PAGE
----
Do you have to provide coverage for pipes and wiring between the walls, which is “walls out” or only for carpeting, painting, washers and dryers that are inside the unit, which is “walls in”?

It can become more complicated with limited common elements, such as a patio or balcony shared by only two more units.

As the owner, you may be responsible for your condo and part of the limited common element that serves the condo.

It’s determined by the state regulations and the association agreement. These two must be matched against your policy so ensure that there are no gaps in coverage.


  1. Unit owners’ forms

Michigan varies from other states and considers the condo to be comprised of different elements, and this makes the intersection between the condo-owners insurance and the association insurance a bit confusing, but the ISO HO 06 Unit Owners form addresses that directly.

Coverage A, in a dwelling policy is the dwelling itself. In the condo policy, Coverage A includes the alterations, appliances, fixtures, and improvements that are part of the building contained within the premises.

It also includes real property pertaining to the residence, property that is the insured’s responsibility under an agreement of property owners, and structures owned solely by the insured other than the premises but located at the premises, such as a garage.

This wording allows the policy form to be used in most circumstances because the form adapts to the agreement between the unit owner and the association if the insured is required to insure the pipes and wiring for the unit, that is covered.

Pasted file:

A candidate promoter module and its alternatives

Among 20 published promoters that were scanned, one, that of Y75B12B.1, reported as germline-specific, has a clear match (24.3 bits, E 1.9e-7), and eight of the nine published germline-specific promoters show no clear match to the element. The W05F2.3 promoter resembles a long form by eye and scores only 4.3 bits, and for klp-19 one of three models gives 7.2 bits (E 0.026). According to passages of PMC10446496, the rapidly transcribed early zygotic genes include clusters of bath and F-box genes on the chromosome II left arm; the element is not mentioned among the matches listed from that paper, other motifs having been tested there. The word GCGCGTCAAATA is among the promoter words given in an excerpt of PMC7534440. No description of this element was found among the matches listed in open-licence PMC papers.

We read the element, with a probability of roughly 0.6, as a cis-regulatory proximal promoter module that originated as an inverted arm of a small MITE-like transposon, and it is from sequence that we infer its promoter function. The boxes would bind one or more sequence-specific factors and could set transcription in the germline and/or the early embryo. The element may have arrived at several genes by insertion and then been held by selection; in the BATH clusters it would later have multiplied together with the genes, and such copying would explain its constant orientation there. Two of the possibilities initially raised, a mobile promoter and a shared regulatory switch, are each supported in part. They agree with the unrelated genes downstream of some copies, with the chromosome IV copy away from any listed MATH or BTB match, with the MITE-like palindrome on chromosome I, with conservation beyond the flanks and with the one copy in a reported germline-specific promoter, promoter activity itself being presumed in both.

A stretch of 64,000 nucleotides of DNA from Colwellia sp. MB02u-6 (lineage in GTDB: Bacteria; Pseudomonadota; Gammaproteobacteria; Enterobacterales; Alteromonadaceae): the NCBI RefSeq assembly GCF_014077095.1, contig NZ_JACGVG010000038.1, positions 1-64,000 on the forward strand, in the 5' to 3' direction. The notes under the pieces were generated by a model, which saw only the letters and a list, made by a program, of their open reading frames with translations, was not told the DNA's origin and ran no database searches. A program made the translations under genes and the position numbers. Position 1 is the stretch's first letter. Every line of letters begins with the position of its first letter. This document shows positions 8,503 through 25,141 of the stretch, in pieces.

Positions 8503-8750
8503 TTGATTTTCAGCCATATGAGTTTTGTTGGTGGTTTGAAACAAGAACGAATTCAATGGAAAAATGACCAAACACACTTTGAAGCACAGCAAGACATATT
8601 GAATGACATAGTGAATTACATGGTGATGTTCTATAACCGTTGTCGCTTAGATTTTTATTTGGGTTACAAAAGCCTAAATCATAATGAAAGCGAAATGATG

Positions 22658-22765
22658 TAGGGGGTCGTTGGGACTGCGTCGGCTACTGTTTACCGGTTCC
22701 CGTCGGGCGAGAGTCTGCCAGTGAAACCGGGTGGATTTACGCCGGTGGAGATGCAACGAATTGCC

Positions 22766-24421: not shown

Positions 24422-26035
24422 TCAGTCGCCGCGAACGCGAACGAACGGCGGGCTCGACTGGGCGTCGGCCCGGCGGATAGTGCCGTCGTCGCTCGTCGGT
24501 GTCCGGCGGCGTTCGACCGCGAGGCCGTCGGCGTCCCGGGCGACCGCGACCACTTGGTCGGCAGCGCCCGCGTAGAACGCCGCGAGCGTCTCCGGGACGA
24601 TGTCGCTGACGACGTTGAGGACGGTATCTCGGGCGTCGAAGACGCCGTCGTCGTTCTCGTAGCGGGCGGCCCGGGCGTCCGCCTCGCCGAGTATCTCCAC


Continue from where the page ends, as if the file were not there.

If the insured is only responsible for the drywall and appliances within the unit, that is covered as well.


  1. Loss assessment

An additional coverage to your policy is loss assessment. This part of your policy covers amounts the association would charge you, the owner, for damage to property owned by all members collectively.

The loss must be by a covered peril, other than earthquake or shock waves before, during or after a volcanic eruption.

The limit is $1,000 regardless of the number of assessments per loss. This limit can be increased by adding endorsement HO 04 35 Loss Assessment Coverage.

Although a homeowner may be part of an association that has a neighborhood pool or clubhouse, the insured alone is responsible for the siding and roof on the house.

As an condominium owner you may be assessed for more than just a pool. The roof, siding, and maintenance of the grounds are common property for the condominium owner, who may be assessed for repairs to any of those.

Assessments that are the result of actions of big brother, sorry, a governmental body, are not covered.

Examples of such assessments include a change in building codes or a code violation local government assesses against the association, which the association then passes on to the condo owners.


  1. State and local regulations

Michigan and Macomb county have various regulations regarding condominiums.

They define:

  • A unit.
  • A common element or limited common element.
  • The responsibility of the unit owner.
  • The responsibility of the association.
  • Which insurance is primary for what types of losses.

As a potential buyer you should review these statutes before buying, as they clarify what the duties and insurance requirements are for owners and the association.